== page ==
It’s been long promised that James Gunn’s The Suicide Squad is going to be a “gritty war movie,” and that intent was evident to the press during a visit to the set back in November 2019. Producer Peter Safran and production designer Beth Mickle both cited specific modern war movie classics as their template for The Suicide Squad.
“The opener of our movie, it’s basically Saving Private Ryan,” Safran says during a break in filming. “It’s our team landing on a beach in a big battle and there’s got to be water. There’s got to be sand, a pond. It’s supposed to take place on Corto Maltese. So we built a beach on the backlot here that’s 260 feet across, giant tank, wave machines, thousands of trees. This is what Beth and her team built. And we shot there for the first 10 days of shooting where it was Saving Private Ryan at night, on this beach, explosions and helicopters and the whole thing.”
Some of this sequence was revealed in a behind-the-scenes teaser at last year’s DC FanDome, which showed the cast storming a tropical beach at night as explosions rage around them. Mickle’s team built a giant water tank to serve as the ocean from which the team emerges. It was all part of Gunn’s mandate to make the film, which is undoubtedly outlandish, still, feel as realistic as possible. That meant doing as much of the effects in-camera as possible as well as building massive sets on the Atlanta backlot rather than creating fully CG environments via green screen.
“It’s a very naturalistic film and,” Mickle explains, “it’s a war film, but it feels like Platoon and Saving Private Ryan and Black Hawk Down where you’re literally in the boat with them arriving on the beach from, Saving Private Ryan, with bullets whizzing past you and running through the sand with bullets hitting the sand and jungle leaves hitting your face as they race through. And that’s where the limitations of CGI worlds really do come into play because you just don’t get that same sort of interaction with sand flying back and hitting people, and them coming up from the water. And I really think you can tell when it’s not physically there. So in James’ mandate to try to make this as a naturalistic, gritty, dirty, rough movie that we’re all in the midst of a battle with them, the only way we could really do that with all these sets is to have them standing physically.”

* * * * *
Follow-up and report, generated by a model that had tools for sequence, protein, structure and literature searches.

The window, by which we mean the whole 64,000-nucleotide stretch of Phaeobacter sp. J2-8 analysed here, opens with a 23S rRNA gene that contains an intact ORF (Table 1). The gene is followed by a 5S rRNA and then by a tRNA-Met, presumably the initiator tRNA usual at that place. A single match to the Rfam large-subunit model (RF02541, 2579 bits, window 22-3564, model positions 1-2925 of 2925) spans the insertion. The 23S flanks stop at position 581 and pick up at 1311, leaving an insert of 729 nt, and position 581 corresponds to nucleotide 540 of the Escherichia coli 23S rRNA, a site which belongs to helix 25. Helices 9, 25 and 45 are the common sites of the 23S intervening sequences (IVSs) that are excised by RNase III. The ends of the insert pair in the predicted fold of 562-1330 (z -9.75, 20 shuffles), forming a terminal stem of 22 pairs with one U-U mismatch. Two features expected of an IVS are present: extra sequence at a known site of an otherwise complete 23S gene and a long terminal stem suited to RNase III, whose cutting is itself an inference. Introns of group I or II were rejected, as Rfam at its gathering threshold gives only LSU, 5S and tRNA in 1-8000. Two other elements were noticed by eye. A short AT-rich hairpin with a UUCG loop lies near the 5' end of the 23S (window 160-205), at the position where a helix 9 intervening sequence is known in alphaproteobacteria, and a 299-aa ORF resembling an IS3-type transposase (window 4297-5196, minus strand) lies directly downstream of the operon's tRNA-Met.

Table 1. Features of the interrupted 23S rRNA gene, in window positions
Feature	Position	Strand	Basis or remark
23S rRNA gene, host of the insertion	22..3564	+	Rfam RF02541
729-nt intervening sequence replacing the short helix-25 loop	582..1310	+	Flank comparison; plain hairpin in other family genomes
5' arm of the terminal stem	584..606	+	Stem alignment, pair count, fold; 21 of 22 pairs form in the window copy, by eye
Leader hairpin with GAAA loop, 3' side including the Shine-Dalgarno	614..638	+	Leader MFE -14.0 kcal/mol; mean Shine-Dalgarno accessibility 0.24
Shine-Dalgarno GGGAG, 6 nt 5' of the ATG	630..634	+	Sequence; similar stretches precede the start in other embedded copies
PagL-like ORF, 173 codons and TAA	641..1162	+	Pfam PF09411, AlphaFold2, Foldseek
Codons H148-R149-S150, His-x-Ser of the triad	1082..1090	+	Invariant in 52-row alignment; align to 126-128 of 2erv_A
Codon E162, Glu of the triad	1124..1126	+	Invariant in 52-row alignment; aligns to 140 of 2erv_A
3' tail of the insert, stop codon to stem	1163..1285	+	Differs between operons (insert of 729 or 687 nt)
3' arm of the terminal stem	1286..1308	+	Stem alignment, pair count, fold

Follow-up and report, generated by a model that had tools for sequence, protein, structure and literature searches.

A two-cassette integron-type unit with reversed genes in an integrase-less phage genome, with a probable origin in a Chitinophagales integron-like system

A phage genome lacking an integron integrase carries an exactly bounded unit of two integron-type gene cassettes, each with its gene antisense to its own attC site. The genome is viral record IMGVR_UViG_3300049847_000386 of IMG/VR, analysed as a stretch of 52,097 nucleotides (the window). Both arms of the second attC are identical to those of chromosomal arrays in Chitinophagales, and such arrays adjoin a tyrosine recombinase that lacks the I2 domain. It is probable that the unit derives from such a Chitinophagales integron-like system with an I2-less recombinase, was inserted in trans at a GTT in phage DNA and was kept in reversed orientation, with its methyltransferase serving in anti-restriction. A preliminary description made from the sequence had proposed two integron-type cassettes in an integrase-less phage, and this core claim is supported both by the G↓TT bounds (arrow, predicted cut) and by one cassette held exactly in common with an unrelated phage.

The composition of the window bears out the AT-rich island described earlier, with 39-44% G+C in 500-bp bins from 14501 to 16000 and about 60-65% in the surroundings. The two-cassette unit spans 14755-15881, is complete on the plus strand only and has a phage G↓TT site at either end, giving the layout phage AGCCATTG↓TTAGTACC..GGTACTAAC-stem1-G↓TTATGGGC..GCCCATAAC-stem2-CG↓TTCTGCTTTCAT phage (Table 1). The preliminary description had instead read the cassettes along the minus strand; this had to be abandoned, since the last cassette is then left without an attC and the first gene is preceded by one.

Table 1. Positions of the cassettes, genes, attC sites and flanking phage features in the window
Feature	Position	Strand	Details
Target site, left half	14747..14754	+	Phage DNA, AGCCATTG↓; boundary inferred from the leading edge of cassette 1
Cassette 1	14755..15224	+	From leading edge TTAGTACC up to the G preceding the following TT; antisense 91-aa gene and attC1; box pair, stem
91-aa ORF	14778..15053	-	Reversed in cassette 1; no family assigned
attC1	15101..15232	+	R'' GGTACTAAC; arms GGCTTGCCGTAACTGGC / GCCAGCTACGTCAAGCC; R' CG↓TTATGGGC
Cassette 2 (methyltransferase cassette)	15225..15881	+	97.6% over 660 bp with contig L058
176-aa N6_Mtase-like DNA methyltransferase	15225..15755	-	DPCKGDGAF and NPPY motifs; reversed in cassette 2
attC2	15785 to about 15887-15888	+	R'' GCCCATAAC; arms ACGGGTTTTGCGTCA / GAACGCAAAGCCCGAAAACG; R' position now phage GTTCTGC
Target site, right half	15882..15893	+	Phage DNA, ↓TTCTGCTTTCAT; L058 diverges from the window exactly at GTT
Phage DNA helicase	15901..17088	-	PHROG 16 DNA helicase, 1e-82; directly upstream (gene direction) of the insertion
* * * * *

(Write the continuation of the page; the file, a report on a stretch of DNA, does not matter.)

Safran echoes her enthusiasm for the practical sets and effects used in The Suicide Squad: “You could have done it in a pure blue screen environment, frankly, but it just feels so real for the actors to be running through the sand, hide behind big boulders, swimming in from the tank onto the beach, all that stuff. You feel it when you see it. It looks absolutely extraordinary. So it’s been a really big build and Beth and her team have done an extraordinary job creating these looks that James had in his mind.”
The emphasis on the handcrafted is one way in which writer-director Gunn is trying to differentiate The Suicide Squad from his other famous comic book movie franchise. “It’s a much, much, much rougher film than Guardians of the Galaxy. Everything is almost completely practical,” Gunn says during a brief chat in-between scenes. “The biggest sets I’ve run [on] almost any film, ever more visual. I was able to take all of the heads of departments that I’ve used on other films and just do a best of, and Dan Sudek, who’s doing our special effects, what I was saying this morning, he’s doing more special effects, more live special effects in this film than all of the Marvel movies he’s ever done combined, which is every single Marvel movie that was shot in Atlanta. And so it’s just a much more grounded, darker film. Gorier.”
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While filming of the Saving Private Ryan-esque opening sequence was long completed by the time IGN and other media outlets visited the set in late 2019, we did witness part of the filming of the main third act battle: the storming of Jotunheim, a towering fortress on the island nation of Corto Maltese where Task Force X has been sent to make sure the new rebel government doesn’t get control of something dangerous that’s held inside it. While we were not told at the time of the visit what was inside Jotunheim, the movie’s trailers have since revealed it’s Starro, the giant, starfish-like kaiju from outer space which possesses awesome telepathic powers and is hellbent on conquest.
But monster movies were not the topic of discussion on that set visit. It was all about war movies. While producer Safran and production designer Mickle cited modern fare from the likes of Steven Spielberg and Ridley Scott as influences on The Suicide Squad, James Gunn sees the film as more of a throwback to old school “buncha guys on a mission” movies.
“I’m a huge fan of the original John Ostrander run of Suicide Squad, which he created the whole Dirty Dozen as city super-villains team,” Gunn explains. “To me, that’s one of the greatest superhero runs of any comic series. And to keep that sense of it being a caper film, a war caper film, a lot of the film is within the genre of the war caper film, which is not really something that’s existed for a long time. But in the ‘60s, late ‘60s with films like Dirty Dozen and Kelly’s Heroes and Where Eagles Dare, that was a real vibrant genre and one of the big genres in the world, and you kind of take that engine and then add the fun of Suicide Squad to it.”
The Suicide Squad debuts in theaters and on HBO Max on August 6. For more on The Suicide Squad, discover how James Gunn tricked the press about the identity of Idris Elba’s character, and learn what you need to know about Peacemaker, Polka-Dot Man, Blackguard, and the rest of the team.